heritage so important to the Victorians? And, more specifically, why did
Richard Barter, the Victorian Irish originator of what was, in effect, a
new type of hot air bath, feel, in common with later proprietors of such
baths, that it was so important to heritage it by emphasizing its
relationship with other, older baths?
that there was already a traditional use of hot air baths in Ireland,
why was this indigenous heritage rejected in favour of building on the
culture of another nation?
that it should be seen as a copy of the so-called ‘Turkish’ bath of the
Ottoman Empire—a bath which was, in practice, quite different?
even more strangely, why did they feel a need to see their new bath as a
rebirth of the ancient Roman bath?
Ireland was one of the few places in Europe, or around the
where the Romans never actually built a bath, and where, consequently,
there were no Roman ruins to copy.
There is a certain irony here. When the Germans built their
Victorian Turkish baths, they called them—and often still call
them—Roman-Irish baths—a far more accurate name
than any used in Ireland
Paradoxes of patrimonialization, the Belgian sociologist Rudi
Laermans suggests that the whole modern heritage machine is a
dynamic network of regulations, subsidies, and divergent interests.that
selects specific artefacts from the past, and transforms them into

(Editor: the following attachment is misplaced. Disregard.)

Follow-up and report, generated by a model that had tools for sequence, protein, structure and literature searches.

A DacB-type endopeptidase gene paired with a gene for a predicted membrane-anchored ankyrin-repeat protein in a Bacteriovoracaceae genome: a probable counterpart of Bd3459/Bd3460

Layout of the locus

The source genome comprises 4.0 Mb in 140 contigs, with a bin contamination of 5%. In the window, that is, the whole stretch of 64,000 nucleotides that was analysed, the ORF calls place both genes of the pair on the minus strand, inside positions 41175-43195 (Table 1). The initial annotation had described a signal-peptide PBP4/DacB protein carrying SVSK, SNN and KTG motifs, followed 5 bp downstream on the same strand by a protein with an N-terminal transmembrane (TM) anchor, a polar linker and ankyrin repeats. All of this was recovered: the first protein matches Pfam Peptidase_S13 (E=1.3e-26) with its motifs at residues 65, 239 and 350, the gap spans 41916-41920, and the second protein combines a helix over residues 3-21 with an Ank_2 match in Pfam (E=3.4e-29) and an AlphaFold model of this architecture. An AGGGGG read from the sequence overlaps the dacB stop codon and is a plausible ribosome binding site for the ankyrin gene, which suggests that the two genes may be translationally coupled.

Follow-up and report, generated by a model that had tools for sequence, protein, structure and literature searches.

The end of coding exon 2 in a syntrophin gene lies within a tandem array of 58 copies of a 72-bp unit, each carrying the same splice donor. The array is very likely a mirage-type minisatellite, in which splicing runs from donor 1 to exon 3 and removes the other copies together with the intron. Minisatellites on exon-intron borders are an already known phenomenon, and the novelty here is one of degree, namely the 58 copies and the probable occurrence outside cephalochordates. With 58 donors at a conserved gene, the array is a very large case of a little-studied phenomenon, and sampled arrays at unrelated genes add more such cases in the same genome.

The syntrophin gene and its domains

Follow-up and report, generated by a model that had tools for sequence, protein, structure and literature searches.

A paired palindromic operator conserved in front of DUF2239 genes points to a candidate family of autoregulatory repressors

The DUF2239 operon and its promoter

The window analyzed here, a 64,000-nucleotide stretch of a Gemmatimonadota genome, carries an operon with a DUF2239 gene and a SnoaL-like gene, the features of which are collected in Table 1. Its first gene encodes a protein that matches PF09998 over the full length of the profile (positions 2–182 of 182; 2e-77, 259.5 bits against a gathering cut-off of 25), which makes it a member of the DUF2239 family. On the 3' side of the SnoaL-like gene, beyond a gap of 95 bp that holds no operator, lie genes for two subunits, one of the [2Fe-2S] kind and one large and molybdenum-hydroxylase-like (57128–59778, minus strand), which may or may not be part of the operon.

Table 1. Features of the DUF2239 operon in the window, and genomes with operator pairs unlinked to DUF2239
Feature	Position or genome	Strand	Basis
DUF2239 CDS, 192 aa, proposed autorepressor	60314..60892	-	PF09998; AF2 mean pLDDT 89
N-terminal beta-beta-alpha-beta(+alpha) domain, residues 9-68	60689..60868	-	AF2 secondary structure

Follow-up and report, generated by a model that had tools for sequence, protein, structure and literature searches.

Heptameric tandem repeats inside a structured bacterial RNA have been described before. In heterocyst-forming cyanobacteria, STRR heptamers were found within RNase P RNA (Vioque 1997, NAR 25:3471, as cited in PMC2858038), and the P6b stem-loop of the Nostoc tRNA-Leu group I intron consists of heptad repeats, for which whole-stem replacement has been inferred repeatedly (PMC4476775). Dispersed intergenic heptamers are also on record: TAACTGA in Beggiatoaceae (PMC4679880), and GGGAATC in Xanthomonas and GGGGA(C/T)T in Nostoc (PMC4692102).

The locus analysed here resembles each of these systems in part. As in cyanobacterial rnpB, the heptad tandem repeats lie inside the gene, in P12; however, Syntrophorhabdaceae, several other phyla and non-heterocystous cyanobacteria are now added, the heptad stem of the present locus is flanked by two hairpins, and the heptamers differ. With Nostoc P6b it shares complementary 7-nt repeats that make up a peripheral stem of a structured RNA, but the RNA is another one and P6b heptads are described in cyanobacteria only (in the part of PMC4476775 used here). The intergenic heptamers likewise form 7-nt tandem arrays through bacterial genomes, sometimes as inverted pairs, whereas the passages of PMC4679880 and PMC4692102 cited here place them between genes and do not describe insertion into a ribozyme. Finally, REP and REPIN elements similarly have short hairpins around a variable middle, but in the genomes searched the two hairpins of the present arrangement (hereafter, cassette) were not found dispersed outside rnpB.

objects which it is politically and administratively feasible to protect
precisely this temporal conservation that is the clearest indication of
the active transformation of an artefact from the past, whether material
or not, into a piece of heritage.
He suggests that this is
probably the basic operation of every form of ‘patrimonialization’
which two words he treats as synonyms. I prefer, here, to use the
emphasizes an important point when he writes:
advantage of these verb forms is that they immediately dispel the
illusion that the heritage character of an artefact from the past is
simply something observed. This is manifestly not the case. Something is
designed as declared heritage, and that is undeniably a performative act
of language and not a neutral observation.
This well sums
up a continuing transformation which took off in the latter half of the
A magnificent landscape,
for example, or a beautiful building
or even a
bedroom can be heritaged, thereby becoming an asset for sale to
customers of the
heritage tourism business.
the process of heritaging.is older than this modern discourse suggests;
for it seems to have been alive and well in the nineteenth century,
albeit in a slightly different form.
‘heritaging’ does not yet appear in the Oxford English Dictionary
I feel no compunction in extending its meaning to encompass its earlier
So while the
modern usage of the word suggests taking an artefact from the past and
deciding that it is part of a nation’s heritage, I argue that there were
examples of heritaging in the nineteenth century where a nation’s
heritage was selected and attached to something new, with the aim of
blurring its novelty, giving it greater credibility by associating it
with a heritage, and making it a more saleable asset